Colombia: Peace At Any Price

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May 20, 2006: Colombia's highest court struck down key provisions of the peace deal with the AUC. As a result of that, the AUC rebels are reforming and preparing to resume their war with the government. The court justices were not part of the government negotiating team, but they are now. The AUC had recently completed disarming, and the security forces have turned their attention to FARC, whose 15,000 gunmen are the largest rebel group still fighting. The ELN, and several smaller groups are also looking for a deal. If the court rulings cannot be changed, the heat will be off FARC, as the army and police turn their attention back to the AUC. These peace deals are nothing new in Colombian history. They are more like truces and amnesties than anything else. The big problem in Colombia is that, for over half a century, warlords have destroyed any sense of law and order in the country. Despite the oil and numerous natural sources, most Colombians are poor. As a result, Colombians want peace, and they aren't interested in examining the details too closely.

May 19, 2006: A major oil pipeline, moving over six million dollars worth of oil a day, was bombed by FARC. This is unusual, as attacks on oil facilities is way down since 2001, when there were 170 such attacks. In the past few years, FARC units have generally been pushed away from oil facilities.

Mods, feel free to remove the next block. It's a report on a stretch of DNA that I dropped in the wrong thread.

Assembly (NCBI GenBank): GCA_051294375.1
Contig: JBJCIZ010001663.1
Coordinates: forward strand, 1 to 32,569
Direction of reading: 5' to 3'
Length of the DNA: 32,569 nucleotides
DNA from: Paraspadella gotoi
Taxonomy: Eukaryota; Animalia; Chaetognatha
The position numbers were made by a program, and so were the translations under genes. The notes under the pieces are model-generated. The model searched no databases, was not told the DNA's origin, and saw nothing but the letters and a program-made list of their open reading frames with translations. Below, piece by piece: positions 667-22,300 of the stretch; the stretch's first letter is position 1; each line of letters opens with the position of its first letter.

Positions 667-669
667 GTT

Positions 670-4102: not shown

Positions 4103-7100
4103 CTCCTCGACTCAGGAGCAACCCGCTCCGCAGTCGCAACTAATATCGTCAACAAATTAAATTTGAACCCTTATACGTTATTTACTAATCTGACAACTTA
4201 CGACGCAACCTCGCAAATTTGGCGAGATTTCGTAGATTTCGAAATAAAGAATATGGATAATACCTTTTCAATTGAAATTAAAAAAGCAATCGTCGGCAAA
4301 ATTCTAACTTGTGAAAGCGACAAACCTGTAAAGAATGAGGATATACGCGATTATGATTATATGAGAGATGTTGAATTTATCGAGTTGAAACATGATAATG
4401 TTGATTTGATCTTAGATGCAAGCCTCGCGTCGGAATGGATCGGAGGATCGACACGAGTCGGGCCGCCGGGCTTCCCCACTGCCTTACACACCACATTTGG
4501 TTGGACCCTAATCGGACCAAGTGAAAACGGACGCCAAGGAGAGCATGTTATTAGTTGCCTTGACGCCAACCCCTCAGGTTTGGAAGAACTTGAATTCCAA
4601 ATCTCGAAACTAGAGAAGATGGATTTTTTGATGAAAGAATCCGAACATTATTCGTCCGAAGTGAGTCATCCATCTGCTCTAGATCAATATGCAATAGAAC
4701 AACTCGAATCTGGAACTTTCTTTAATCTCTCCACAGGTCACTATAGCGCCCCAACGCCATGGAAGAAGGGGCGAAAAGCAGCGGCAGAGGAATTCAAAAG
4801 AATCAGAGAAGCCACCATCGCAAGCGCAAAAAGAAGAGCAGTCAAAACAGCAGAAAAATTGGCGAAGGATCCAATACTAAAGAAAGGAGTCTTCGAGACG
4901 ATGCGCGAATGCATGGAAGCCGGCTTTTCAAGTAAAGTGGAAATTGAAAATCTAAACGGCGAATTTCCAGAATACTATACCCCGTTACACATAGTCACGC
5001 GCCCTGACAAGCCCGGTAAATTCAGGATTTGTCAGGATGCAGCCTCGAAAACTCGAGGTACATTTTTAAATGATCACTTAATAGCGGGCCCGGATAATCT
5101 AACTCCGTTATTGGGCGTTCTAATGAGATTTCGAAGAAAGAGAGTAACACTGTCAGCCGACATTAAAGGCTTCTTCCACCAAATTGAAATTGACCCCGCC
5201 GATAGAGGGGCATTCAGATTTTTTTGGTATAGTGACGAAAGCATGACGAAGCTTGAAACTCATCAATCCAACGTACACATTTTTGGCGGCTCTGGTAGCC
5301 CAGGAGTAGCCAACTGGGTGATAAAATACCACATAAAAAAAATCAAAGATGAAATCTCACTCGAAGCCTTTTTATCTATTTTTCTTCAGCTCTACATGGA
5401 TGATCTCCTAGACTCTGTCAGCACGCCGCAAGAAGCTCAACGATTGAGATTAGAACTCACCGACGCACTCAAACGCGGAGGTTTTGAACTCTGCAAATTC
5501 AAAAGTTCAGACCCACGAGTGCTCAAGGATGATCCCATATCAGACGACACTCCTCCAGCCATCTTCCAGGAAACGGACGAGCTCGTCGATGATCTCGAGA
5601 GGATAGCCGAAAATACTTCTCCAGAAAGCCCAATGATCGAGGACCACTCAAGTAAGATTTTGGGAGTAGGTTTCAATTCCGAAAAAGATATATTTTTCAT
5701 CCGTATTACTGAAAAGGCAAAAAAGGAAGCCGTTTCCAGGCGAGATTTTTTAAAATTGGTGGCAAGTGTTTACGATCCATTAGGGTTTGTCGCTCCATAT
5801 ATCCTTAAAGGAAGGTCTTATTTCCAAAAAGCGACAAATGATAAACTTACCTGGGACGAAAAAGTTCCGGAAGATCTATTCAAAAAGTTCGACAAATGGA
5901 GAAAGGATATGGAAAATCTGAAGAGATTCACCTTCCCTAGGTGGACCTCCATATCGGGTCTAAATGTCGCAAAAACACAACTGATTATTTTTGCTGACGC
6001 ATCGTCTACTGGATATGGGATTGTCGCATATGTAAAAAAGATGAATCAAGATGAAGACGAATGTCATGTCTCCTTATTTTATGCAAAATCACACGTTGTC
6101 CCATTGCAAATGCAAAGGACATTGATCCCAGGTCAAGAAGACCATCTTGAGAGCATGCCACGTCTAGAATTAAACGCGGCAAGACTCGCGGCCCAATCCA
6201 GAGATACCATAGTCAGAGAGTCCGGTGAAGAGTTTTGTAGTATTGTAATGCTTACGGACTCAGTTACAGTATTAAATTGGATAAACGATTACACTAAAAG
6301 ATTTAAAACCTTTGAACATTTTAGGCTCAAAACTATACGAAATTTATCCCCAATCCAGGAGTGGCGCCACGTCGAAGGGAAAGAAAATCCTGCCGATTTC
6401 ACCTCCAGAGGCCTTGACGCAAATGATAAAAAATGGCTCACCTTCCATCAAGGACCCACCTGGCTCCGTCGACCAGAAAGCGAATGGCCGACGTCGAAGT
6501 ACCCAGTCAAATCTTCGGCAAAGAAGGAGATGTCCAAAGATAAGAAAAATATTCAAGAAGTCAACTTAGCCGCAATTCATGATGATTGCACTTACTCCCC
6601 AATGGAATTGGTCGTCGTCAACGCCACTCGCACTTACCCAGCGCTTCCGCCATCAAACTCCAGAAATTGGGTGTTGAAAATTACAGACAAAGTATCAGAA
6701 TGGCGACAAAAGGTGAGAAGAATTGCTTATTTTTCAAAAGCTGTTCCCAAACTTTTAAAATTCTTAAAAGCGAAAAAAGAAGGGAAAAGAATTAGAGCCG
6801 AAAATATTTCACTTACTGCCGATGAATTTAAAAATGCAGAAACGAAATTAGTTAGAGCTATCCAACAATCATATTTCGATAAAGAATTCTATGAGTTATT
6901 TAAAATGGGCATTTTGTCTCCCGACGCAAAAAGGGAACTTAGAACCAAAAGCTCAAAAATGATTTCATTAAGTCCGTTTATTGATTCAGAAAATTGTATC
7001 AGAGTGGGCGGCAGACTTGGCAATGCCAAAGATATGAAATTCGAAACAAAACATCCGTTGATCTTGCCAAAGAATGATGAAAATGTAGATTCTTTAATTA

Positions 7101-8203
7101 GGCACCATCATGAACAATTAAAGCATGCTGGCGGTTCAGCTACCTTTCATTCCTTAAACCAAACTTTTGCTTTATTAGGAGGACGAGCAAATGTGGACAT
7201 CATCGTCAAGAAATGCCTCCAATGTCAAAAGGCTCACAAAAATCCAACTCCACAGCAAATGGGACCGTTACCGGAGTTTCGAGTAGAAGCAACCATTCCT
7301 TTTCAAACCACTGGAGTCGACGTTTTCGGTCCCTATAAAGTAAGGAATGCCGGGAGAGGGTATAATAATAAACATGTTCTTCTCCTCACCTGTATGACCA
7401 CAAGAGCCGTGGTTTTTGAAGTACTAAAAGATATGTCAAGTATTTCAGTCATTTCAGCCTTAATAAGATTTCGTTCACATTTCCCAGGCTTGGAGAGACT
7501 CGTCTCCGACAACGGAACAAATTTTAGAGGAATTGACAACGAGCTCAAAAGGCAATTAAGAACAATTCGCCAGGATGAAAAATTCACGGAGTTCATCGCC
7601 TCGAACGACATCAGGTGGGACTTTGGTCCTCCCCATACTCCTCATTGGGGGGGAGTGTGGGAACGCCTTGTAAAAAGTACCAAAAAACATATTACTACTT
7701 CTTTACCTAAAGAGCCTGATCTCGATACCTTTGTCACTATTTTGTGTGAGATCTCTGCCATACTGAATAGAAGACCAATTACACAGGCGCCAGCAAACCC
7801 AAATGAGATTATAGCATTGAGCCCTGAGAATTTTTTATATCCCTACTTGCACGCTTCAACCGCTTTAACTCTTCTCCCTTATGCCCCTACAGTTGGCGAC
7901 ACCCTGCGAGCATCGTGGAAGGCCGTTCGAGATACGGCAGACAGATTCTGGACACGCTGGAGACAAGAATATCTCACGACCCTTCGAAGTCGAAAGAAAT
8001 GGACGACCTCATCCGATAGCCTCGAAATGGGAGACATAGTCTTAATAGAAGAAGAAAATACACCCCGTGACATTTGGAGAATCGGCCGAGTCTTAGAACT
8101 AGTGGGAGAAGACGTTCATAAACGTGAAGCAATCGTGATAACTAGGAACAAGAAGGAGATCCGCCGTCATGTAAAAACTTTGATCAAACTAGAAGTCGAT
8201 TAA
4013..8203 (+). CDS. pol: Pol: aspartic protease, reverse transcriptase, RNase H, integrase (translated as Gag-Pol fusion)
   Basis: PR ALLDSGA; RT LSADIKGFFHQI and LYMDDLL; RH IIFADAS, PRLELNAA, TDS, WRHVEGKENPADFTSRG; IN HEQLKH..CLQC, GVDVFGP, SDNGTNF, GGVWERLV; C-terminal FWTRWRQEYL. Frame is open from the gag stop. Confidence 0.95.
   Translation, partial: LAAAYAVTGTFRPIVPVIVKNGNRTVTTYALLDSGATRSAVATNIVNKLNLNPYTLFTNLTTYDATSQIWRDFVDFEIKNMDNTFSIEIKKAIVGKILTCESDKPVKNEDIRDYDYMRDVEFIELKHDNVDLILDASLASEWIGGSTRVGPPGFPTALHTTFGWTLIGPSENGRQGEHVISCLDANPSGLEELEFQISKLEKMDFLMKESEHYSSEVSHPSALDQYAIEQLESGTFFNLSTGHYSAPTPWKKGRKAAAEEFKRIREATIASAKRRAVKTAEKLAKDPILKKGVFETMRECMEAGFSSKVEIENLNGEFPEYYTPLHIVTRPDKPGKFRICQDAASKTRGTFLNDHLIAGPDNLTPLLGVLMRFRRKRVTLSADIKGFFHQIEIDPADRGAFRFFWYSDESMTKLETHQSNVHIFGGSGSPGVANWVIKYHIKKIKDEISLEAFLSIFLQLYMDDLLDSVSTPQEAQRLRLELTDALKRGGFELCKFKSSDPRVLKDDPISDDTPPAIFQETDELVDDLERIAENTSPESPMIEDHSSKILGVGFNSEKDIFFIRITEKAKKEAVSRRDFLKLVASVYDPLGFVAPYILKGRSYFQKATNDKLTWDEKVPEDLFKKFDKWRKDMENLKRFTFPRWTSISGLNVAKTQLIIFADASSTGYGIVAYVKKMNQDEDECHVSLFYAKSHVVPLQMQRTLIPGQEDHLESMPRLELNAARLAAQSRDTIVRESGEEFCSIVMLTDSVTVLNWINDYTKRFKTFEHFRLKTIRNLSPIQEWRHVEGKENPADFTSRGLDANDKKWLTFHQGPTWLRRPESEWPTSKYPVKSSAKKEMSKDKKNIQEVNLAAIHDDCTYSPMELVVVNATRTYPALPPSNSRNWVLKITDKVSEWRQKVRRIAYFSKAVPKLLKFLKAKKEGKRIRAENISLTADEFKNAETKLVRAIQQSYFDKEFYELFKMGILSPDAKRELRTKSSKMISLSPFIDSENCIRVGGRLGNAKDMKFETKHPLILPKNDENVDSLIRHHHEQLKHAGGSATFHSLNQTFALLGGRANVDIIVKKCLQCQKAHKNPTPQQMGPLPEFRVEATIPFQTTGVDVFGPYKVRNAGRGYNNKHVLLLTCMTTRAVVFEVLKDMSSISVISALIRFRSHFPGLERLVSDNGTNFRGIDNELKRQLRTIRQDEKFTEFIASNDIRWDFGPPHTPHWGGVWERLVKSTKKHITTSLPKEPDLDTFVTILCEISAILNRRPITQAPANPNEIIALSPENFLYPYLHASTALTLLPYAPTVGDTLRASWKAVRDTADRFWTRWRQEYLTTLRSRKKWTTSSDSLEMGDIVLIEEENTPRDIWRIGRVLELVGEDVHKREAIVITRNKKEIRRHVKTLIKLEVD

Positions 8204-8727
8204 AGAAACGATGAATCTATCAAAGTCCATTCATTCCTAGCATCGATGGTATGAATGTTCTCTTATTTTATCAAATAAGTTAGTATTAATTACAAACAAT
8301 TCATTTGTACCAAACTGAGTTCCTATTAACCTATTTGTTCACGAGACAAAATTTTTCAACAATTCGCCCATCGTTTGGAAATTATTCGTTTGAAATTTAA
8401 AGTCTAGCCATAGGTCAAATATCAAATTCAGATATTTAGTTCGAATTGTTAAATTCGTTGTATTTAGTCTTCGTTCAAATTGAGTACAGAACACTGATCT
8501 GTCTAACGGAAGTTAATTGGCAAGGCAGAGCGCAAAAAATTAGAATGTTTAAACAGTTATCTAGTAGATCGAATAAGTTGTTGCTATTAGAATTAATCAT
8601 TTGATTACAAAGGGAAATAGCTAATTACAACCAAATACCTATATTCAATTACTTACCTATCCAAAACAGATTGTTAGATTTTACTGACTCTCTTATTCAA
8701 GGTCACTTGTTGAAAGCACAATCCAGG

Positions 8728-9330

May 18, 2006: A small bomb went off in front of one of president Uribe's election campaign officers. No one was injured. This explosion was a big deal in the media because there has been so little violence during this election. About 40 percent of the rebels (the AUC) have made peace with the government, and the remaining leftist rebels are on the defensive. Violence is way down over the past few years, which is what is likely to get Uribe reelected.

May 15, 2006: The United States has banned exports of weapons to Venezuela, because it believes that Venezuela has ceased cooperation in the fight against terrorism. Venezuela is also accused of allowing Colombian rebel groups to take refuge along the Colombian border. Venezuela denies everything. Both countries, however, agree that the head of Colombian rebel group ELN is, officially, living in Venezuela and under the protection of the Venezuelan government. This is because ELN, whose fighters represent about ten percent of the rebels in Colombia, are negotiating a peace deal.

 

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